Sometimes, you have to judge an album by its cover.
In the case of Identities by Infomatik, it’s an intricate jewel case wired with electronics.
I ran across a copy of the EP during a volunteer shift at Lifelong Thrift Store. The case was falling apart because the electronics had been dislodged. At first, I thought someone was crazy enough to ditch a copy of Tristan Perich’s 1-Bit Symphony, but a closer examination of the album credits ruled that out.
Then I had to wonder — what kind of band would go this amount of effort to craft such complex packaging?
I reached a dead end when I attempted to visit the band’s web site, which had long been surrendered to domain squatters. The Wayback Machine gives some hint of who this band was. A Google search on the band’s requires the use of quotations, otherwise Google will assume you want to search “informatik” instead of “infomatik”. (The best terms to use: “infomatik” band.)
In the mid-2000s, the band got a lot of good press in Seattle, eventually releasing a full-length album, Technologies. Obviously, Infomatik is no longer, the band’s members scattered to the wind and any evidence of their existence relegated to difficult web searches and a scant entry in Discogs.
It’s a pity.
Infomatik threw its hat into the ring of ’80s revivalism so prevalent at the time. The synths are grimy, the live beats as danceable as anything found in a machine, and the vocals a satisfying balance of deadpan and angst. They may descend from Killing Joke and Wire, but they understood what made those bands good.
I was so thoroughly impressed with Identify that I tracked down Technologies. All the tracks from Identify found their way to Technologies, but it’s none the worse for it.
In the mid-’00s, the infrastructure to get music online was in its infancy, so none of these releases are available through any of the usual digital services. As of this writing, a single copy each of Identify and Technologies are for sale on Discogs in the $30 range.
With my volunteer discount, I took Identify home for $0.83. I snagged the last remaining copy of Technologies on Amazon Marketplace for less than $2. The shipping cost more than the disc.
Carole King has been something of a straw woman here on Musicwhore.org. When her name was evoked, it was usually in service of describing milquetoast or overly sentimentalized music. Do a search for Onitsuka Chichiro on old versions of this site, and King probably shows up in a paragraph somewhere.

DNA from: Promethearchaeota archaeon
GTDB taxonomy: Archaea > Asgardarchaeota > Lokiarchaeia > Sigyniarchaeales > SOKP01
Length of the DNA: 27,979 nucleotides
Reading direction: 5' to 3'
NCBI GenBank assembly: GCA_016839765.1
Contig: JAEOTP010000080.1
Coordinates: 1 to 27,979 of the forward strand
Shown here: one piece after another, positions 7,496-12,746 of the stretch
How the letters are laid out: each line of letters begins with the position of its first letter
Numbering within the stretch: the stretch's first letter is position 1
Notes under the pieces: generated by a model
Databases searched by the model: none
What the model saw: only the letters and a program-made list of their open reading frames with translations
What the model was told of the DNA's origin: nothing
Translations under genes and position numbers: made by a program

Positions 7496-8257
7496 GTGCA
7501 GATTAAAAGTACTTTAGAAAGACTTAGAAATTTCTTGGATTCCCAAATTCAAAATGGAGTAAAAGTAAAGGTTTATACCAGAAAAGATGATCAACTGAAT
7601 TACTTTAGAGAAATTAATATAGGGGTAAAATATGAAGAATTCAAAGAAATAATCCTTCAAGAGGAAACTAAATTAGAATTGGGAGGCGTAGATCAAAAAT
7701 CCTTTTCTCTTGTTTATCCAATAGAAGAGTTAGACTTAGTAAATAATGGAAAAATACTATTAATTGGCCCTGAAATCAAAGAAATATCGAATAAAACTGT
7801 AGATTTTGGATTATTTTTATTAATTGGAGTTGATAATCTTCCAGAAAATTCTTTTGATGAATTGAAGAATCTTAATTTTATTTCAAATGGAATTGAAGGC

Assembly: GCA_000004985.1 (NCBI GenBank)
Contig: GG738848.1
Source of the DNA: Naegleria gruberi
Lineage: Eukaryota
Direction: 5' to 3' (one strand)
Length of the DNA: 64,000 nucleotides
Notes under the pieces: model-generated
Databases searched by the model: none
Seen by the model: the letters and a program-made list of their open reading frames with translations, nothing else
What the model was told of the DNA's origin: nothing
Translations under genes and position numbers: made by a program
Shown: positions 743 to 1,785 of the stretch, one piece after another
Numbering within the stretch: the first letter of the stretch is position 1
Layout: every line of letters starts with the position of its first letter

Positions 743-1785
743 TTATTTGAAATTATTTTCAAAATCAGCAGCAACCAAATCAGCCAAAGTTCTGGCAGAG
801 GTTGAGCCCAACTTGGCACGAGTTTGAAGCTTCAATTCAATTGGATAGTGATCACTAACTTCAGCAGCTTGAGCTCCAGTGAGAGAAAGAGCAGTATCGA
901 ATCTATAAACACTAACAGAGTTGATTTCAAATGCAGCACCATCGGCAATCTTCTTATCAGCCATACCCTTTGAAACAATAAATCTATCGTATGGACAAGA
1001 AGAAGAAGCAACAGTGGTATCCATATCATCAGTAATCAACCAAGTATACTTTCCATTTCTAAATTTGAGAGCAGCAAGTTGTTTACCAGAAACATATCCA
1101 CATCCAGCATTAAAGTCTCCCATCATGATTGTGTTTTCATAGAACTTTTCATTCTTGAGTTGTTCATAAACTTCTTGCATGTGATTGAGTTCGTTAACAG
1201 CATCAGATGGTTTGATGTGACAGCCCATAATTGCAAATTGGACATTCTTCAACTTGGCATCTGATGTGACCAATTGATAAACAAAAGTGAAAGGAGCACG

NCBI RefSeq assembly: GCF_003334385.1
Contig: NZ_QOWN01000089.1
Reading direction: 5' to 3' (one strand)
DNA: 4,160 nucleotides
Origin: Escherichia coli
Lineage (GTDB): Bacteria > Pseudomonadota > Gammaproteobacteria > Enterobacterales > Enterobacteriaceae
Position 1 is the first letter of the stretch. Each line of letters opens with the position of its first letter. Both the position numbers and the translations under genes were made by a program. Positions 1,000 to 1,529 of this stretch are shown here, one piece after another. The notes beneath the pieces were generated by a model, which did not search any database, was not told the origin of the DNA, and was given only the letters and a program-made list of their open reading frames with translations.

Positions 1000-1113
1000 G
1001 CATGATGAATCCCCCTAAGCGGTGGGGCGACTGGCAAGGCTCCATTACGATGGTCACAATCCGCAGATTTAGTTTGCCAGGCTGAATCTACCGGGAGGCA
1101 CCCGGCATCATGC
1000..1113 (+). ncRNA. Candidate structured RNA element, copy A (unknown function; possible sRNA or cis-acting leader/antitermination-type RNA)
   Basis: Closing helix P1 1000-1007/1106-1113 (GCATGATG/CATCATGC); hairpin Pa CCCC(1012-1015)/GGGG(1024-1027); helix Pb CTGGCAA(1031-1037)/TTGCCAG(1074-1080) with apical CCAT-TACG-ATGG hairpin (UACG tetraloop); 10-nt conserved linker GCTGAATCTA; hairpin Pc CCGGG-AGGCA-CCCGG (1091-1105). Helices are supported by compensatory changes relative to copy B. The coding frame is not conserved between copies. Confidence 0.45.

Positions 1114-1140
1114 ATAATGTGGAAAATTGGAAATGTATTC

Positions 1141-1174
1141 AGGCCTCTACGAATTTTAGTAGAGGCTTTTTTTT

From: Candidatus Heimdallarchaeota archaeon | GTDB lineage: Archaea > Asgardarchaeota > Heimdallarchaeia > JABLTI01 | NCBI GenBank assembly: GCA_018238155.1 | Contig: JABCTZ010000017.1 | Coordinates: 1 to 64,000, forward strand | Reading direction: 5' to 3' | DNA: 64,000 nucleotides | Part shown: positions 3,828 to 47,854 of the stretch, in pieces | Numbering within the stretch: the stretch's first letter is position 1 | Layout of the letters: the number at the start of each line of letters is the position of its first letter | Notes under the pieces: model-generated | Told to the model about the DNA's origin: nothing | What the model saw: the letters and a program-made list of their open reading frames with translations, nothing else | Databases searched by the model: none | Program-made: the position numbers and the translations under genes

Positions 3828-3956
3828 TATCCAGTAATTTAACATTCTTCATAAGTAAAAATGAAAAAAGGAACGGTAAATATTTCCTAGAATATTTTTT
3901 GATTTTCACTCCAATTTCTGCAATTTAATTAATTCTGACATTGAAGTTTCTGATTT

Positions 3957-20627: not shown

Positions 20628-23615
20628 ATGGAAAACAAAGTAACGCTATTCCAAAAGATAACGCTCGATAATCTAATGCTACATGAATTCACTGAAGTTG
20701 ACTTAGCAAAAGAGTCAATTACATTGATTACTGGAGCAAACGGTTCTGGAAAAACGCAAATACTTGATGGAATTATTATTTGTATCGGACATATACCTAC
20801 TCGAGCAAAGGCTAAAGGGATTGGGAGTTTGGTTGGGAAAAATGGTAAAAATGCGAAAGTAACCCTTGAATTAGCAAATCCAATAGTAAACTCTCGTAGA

King released her landmark album, Tapestry, a year and two months before I was born. I would have encountered her music on the radio as I was growing up, probably on KSSK alongside Joni Mitchell and James Taylor.
By the time I was old enough to explore music on my own, King’s music had become fodder for TV commercial jingles. A burgeoning art fag such as myself couldn’t help but hold her in disdain.
Gilmore Girls was one of my favorite shows, but when it aired, I had to mute the opening credits. The overly earnest cover of King’s “Where You Lead” is aural treacle.
But Tapestry shows up on critics list everywhere, and it’s not hard to find old vinyl pressings of the album selling for no more than $10. Before it could be jingle fodder, it had to achieve a level of success to warrant such ubiquity.
So when I spotted a copy of Tapestry selling for $1 at Lifelong Thrift Store, I bought it.
And I like it way more than I expected to.
King’s performances are gritty. Subsequent covers and reimagining of Tapestry’s tracks all polish off those rough edges. Onituska inherited that unfortunate legacy, although her own voice brings back some of that burnish.
I imagine Tapestry was the Jagged Little Pill of its day — an album where nearly every track could have been considered a hit single. While Alanis Morrisette’s breakthrough album took a raw, emotional look at heartbreak, King’s Tapestry holds together with an exploration of camaraderie. In both cases, they’re strong performances driven by an artistic clarity.
But it’s taken me nearly most of my lifetime to appreciate Tapestry. In that sense, the album is also a cautionary tale of music commercialization. Exploit a copyright too much, and a listener with little context may not realize that catchy jingle was actually intended to be art.
The strongest memory I have about this album involves one of my teachers in high school. At the time, I wouldn’t have admitted to thinking he was cute. Heck, I really didn’t know what was going on with my hormones to tell.